The discussion about race and the Philadelphia public school system had already lasted 20 minutes and Temple University students couldn’t stop talking. A forum on the country’s changing demographics hosted by the Philadelphia-based university’s new diversity research center left the students with more to say.
“We didn’t finish!” freshman communications major Nyidera Edwards said as the three-hour event concluded.
The session, attended by approximately 40 students, was one of the first events of Temple’s Academic Center on Research in Diversity, or ACCORD, which launched this year.
“Temple is a laboratory that is ideal for figuring out how to make diversity work,” says Dr. Roland Williams Jr., the center’s director and an associate English professor. He notes that Temple – sometimes dubbed “The Diversity University” – is located in one of the country’s most diverse cities.
ACCORD grew out of a faculty senate committee that was exploring the status of faculty of color on campus. The center aims to promote faculty and student research on diversity issues.
Former Philadelphia Mayor John Street, an adjunct associate professor of political science at Temple, was part of the committee that developed ACCORD. “This kind of forum is tremendously important,” Street said in an interview. “It really sows some great seeds for our future.”
Along with encouraging student and faculty research, the center will host forums like the session this fall which was inspired, in part, by the highly publicized local controversy in which a group of minority children were turned away from a suburban swim club last summer. As a result, racial tensions in the region bubbled to the surface.
The controversy highlights the importance of knowing how to deal with the country’s changing complexion, Williams says, especially as the U.S. Census Bureau predicts by 2042 minorities will be the majority. That statistic inspired discussions at the ACCORD forum and served as the launching pad for a student survey on racial perceptions, which will be used as a teaching tool. ACCORD has events scheduled over the next two years and plans to reach out to the local community.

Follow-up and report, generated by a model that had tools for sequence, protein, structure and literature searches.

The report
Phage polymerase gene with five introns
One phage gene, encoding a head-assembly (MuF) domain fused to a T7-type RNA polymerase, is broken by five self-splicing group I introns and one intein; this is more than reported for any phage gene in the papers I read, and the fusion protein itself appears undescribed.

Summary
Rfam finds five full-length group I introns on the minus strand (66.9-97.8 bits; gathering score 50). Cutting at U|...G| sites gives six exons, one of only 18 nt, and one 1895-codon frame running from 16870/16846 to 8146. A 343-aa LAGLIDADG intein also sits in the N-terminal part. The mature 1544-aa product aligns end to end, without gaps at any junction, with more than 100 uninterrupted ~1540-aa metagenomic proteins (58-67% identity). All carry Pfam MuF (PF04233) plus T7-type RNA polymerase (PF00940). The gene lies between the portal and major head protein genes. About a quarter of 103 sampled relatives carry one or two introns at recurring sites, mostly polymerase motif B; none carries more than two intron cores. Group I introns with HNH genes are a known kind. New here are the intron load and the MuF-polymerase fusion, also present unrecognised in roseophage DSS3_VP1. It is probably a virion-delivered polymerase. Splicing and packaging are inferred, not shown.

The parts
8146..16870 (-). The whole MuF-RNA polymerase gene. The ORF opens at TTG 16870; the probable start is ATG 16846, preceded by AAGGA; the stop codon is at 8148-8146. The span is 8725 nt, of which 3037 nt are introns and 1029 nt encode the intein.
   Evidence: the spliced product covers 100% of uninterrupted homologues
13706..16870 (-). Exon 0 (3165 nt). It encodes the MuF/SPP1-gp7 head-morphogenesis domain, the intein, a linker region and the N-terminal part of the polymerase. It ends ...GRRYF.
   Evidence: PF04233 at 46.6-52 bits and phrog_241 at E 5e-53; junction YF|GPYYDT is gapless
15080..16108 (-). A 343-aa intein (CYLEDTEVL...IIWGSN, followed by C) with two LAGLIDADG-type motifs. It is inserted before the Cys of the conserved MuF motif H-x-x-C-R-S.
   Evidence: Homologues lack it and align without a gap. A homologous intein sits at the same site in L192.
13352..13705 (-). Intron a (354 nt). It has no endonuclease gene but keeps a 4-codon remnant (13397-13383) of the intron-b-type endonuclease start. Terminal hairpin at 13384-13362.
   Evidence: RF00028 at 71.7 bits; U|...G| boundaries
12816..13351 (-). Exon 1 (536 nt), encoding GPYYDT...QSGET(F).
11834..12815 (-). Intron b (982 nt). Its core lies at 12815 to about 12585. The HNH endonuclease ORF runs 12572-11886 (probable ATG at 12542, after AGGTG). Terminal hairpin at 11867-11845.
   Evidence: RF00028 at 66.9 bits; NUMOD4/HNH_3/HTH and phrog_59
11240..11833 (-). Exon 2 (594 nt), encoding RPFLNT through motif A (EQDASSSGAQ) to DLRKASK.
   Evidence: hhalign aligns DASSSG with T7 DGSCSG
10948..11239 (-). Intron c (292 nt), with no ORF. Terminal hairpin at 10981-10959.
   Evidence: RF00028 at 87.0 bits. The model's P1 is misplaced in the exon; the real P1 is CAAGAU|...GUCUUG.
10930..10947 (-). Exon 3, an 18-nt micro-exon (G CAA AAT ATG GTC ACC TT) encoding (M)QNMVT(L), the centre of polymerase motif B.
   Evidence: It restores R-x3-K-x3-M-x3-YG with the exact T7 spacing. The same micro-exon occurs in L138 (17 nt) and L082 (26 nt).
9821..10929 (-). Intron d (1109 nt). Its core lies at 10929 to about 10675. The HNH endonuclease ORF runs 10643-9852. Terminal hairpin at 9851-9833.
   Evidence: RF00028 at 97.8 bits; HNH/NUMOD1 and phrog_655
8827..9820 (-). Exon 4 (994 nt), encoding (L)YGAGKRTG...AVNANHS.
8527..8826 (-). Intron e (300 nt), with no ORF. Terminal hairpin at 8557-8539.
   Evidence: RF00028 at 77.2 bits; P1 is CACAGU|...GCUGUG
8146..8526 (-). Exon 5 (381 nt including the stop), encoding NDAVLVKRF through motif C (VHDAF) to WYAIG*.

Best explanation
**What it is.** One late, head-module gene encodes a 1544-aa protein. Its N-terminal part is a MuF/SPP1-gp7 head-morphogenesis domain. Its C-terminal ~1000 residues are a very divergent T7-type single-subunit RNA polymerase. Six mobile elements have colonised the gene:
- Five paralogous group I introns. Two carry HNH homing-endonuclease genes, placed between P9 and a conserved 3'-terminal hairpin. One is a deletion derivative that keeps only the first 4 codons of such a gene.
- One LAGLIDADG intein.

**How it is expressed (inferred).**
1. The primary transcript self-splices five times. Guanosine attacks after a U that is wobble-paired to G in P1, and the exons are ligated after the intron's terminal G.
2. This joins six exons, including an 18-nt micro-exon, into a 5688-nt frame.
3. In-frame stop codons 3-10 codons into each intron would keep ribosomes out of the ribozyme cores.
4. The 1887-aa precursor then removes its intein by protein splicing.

The center’s link to Temple’s academic pursuits through research and staff bode well for its longevity, says Dr. Mitchell J. Chang, professor of higher education and organizational change at the University of California, Los Angeles. “What this program appears to be doing is taking the very best practices around issues of diversity and complementing that effort with producing cutting-edge research,” he says.
At a time when similar centers are folding because of a lack of funding, ACCORD is poised to sustain itself, Chang says. “They can attract external funding, especially because of their research component.”
But Chang cautions that such programs shouldn’t replace the development of coursework and the hiring of faculty focused on diversity. Furthermore, instead of trying to be “all things to all people,” he says, diversity programs are more effective when they’re more specific.
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